There were other problems during production. While on location in New York, film crews went on strike. So director George Sidney, cinematographer Harry Stradling and Stradling's son, Harry Junior, photographed some of the scenes themselves without a crew, including a romantic walk in the rain in Central Park. Stradling's lush cinematography, Jean Louis' stunning costumes, Novak's ethereal beauty, and the nostalgic music - especially Duchin's theme, based on Chopin's "Nocturne in E-Flat Major" - all contributed to the aura of glamour and romance that made The Eddy Duchin Story a huge hit. Never mind that jaded critics like Hollis Alpert of the Saturday Review were puzzled by the film's appeal. "Can anyone - I mean anyone - believe that the life of this stricken man was so beautiful? Does anyone really want to believe it?" Apparently, the answer was yes. Audiences loved The Eddy Duchin Story, and it was nominated for four Academy Awards, including cinematography, music scoring, sound recording, and story. Although it won none of them, it remains one of the most fondly remembered film romances of the era.
Director: George Sidney
Producer: Jerry Wald
Screenplay: Samuel Taylor, from a story by Leo Katcher
Cinematography: Harry Stradling
Editor: Viola Lawrence, Jack W. Ogilvie
Costume Design: Jean Louis
Art Direction: Walter Holscher
Music: George Duning
Principal Cast: Tyrone Power (Eddy Duchin), Kim Novak (Marjorie Oelrichs), Victoria Shaw (Chiquita), James Whitmore (Lou Sherwood), Rex Thompson (Peter Duchin as a boy), Shepperd Strudwick (Mr. Wadsworth), Frieda Inescourt (Mrs. Wadsworth).
by Margarita Landazuri
The Eddy Duchin Story
The working title of this film was Music by Duchin. Eddy Duchin (10 April 1910-9 February 1951), began his career in 1928 with Leo Reisman's orchestra at New York's Central Park Casino. Duchin's flashy style and suave demeanor quickly made him the most popular member of the group. Duchin was noted for crossing his hands and playing the lower register with only one finger. Peter, Eddy's son, was born in 1937. After Peter's mother, socialite Marjorie Oelrichs, died following his birth, the boy was placed in the custody of Mr. and Mrs. Averell Harriman, his parents' best friends, who cared for the boy until his father returned from serving in World War II. Peter lived with his father and stepmother Chiquita until his father died from leukemia in 1951. In the film, Eddy's illness is not identified as leukemia. Peter went on to become a pianist, society band leader and composer in his own right.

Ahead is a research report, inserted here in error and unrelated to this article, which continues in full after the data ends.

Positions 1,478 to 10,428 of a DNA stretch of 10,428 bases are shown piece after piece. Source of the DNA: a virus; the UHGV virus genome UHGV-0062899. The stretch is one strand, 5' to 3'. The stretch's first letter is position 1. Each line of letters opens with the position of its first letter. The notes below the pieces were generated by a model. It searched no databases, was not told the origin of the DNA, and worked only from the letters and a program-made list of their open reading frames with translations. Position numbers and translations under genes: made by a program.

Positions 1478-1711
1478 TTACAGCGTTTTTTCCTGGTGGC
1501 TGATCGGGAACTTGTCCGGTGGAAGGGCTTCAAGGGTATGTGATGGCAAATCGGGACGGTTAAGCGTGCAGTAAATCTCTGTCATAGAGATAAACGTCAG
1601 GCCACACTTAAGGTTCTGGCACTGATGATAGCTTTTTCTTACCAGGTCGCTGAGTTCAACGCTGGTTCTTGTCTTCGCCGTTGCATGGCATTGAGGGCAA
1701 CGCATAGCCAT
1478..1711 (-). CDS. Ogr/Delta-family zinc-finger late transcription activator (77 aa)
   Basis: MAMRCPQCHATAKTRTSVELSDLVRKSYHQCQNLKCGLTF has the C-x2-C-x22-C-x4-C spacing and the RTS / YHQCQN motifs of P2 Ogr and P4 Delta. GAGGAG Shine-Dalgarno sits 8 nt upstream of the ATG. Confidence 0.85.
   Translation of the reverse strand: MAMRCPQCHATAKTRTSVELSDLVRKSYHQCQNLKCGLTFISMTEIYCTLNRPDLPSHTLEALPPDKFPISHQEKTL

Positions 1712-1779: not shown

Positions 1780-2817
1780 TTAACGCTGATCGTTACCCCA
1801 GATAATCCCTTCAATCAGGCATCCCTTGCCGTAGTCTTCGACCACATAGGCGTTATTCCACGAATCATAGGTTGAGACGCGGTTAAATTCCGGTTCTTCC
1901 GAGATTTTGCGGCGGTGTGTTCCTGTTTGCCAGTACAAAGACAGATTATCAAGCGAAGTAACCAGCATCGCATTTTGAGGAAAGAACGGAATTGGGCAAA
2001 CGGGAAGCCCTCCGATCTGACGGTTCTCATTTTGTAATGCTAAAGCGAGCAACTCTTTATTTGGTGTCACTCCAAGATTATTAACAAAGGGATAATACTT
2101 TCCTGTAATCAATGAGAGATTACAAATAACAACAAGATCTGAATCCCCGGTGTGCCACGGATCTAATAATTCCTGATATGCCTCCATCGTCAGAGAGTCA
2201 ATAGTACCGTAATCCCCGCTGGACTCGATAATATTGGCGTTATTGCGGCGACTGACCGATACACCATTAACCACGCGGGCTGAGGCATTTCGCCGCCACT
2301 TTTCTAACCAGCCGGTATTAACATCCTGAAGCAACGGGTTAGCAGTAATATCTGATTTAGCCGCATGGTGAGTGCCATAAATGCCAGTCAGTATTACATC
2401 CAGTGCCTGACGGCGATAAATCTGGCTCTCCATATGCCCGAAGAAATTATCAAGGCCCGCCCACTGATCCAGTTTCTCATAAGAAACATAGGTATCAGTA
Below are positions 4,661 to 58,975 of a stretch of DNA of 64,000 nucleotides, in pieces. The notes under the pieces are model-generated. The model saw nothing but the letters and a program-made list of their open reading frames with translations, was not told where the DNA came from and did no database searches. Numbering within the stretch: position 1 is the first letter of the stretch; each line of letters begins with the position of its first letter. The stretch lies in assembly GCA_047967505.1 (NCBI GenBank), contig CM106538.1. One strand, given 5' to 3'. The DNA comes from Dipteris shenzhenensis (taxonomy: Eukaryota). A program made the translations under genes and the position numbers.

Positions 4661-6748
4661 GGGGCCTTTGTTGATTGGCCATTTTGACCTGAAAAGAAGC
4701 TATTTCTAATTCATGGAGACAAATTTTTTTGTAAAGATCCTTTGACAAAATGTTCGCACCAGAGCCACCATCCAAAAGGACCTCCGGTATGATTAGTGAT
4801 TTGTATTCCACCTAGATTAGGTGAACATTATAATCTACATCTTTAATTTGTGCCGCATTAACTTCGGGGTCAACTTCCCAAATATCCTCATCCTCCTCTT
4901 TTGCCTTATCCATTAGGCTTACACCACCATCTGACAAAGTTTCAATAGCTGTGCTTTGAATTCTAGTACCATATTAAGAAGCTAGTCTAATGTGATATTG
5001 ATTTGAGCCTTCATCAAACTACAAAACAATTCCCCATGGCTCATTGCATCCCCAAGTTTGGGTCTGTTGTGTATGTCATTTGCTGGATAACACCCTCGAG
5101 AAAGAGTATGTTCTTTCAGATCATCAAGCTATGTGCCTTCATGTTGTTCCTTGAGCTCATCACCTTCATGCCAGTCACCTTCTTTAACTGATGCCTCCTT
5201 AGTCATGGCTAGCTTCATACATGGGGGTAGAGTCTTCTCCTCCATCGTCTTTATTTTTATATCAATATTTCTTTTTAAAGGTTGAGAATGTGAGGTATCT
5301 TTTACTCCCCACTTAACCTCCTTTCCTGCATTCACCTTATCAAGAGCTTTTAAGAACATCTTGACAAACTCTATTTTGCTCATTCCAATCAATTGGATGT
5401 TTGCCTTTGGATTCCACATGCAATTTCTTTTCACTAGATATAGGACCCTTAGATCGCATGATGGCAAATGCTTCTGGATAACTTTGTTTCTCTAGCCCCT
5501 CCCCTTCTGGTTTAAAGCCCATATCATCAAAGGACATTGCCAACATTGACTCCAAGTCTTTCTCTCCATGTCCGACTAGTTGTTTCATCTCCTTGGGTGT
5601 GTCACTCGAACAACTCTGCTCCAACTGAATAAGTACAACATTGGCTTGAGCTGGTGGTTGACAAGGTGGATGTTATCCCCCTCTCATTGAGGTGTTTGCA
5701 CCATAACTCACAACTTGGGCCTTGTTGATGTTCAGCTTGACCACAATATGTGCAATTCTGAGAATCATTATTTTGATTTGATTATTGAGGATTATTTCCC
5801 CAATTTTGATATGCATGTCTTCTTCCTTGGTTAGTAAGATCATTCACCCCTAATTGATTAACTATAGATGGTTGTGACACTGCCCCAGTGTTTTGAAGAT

Nat Brandywine, who appears as himself in the film, was Duchin's fellow pianist at the casino. According to a May 1956 Hollywood Reporter news item, Brandywine coached Tyrone Power in his piano playing. According to a June 1954 Hollywood Reporter news item, M-G-M originally wanted to purchase Leo Katcher's screen treatment of Duchin's life as a starring vehicle for Edmond Purdom, but the lawyer for the Duchin estate cancelled the deal when the studio asked for releases and guarantees that the estate could not grant. According to a June 1956 Hollywood Reporter news item, George Duchin, Eddy's first cousin, sued writer Katcher for $100,000, claiming that Katcher brought the story over from M-G-M to Columbia without his knowledge or consent. The outcome of that suit is unknown. Although a December 1954 Hollywood Reporter news item states that Moss Hart worked on the scenario, the extent of his contribution has not been determined.
A July 1956 Hollywood Reporter news item notes that Jill Melford tested for the role of "Chiquita." Although a Hollywood Reporter production chart places Jerry Antes and Geoffrey Lumb in the cast, their appearance in the released film has not been confirmed. A March 1955 New York Times news item notes that location filming was done in Central Park and the Upper East Side of Manhattan and at the Waldorf Astoria Hotel in New York City. A January 1955 Daily Variety news item adds that Moss Hart was initially slated to write the screenplay, but had to bow out of the project because of illness. In addition to the titles listed in the music text, portions of the following additional songs were also included in the film: "Ain't She Sweet," "Will You Love Me in December As You Did in May," "Smiles," "On the Sunny Side of the Street," "Let's Fall in Love," Exactly Like You," "La vie en rose" and "Body and Soul."
The Eddy Duchin Story was nominated for the following Academy Awards: Best Motion Picture Story, Best Cinematography, Best Musical Scoring and Best Sound Recording. It was also nominated for an American Cinema Editor Critic's Award. The film marked the American screen debut of Australian actress Victoria Shaw. George Sidney was borrowed from M-G-M to direct the film. According to an October 1956 Hollywood Reporter news item, the Decca soundtrack of The Eddy Duchin Story was a top-selling album.
Released in United States on Video April 29, 1992
Released in United States Summer July 1956
Released in United States on Video April 29, 1992
Released in United States Summer July 1956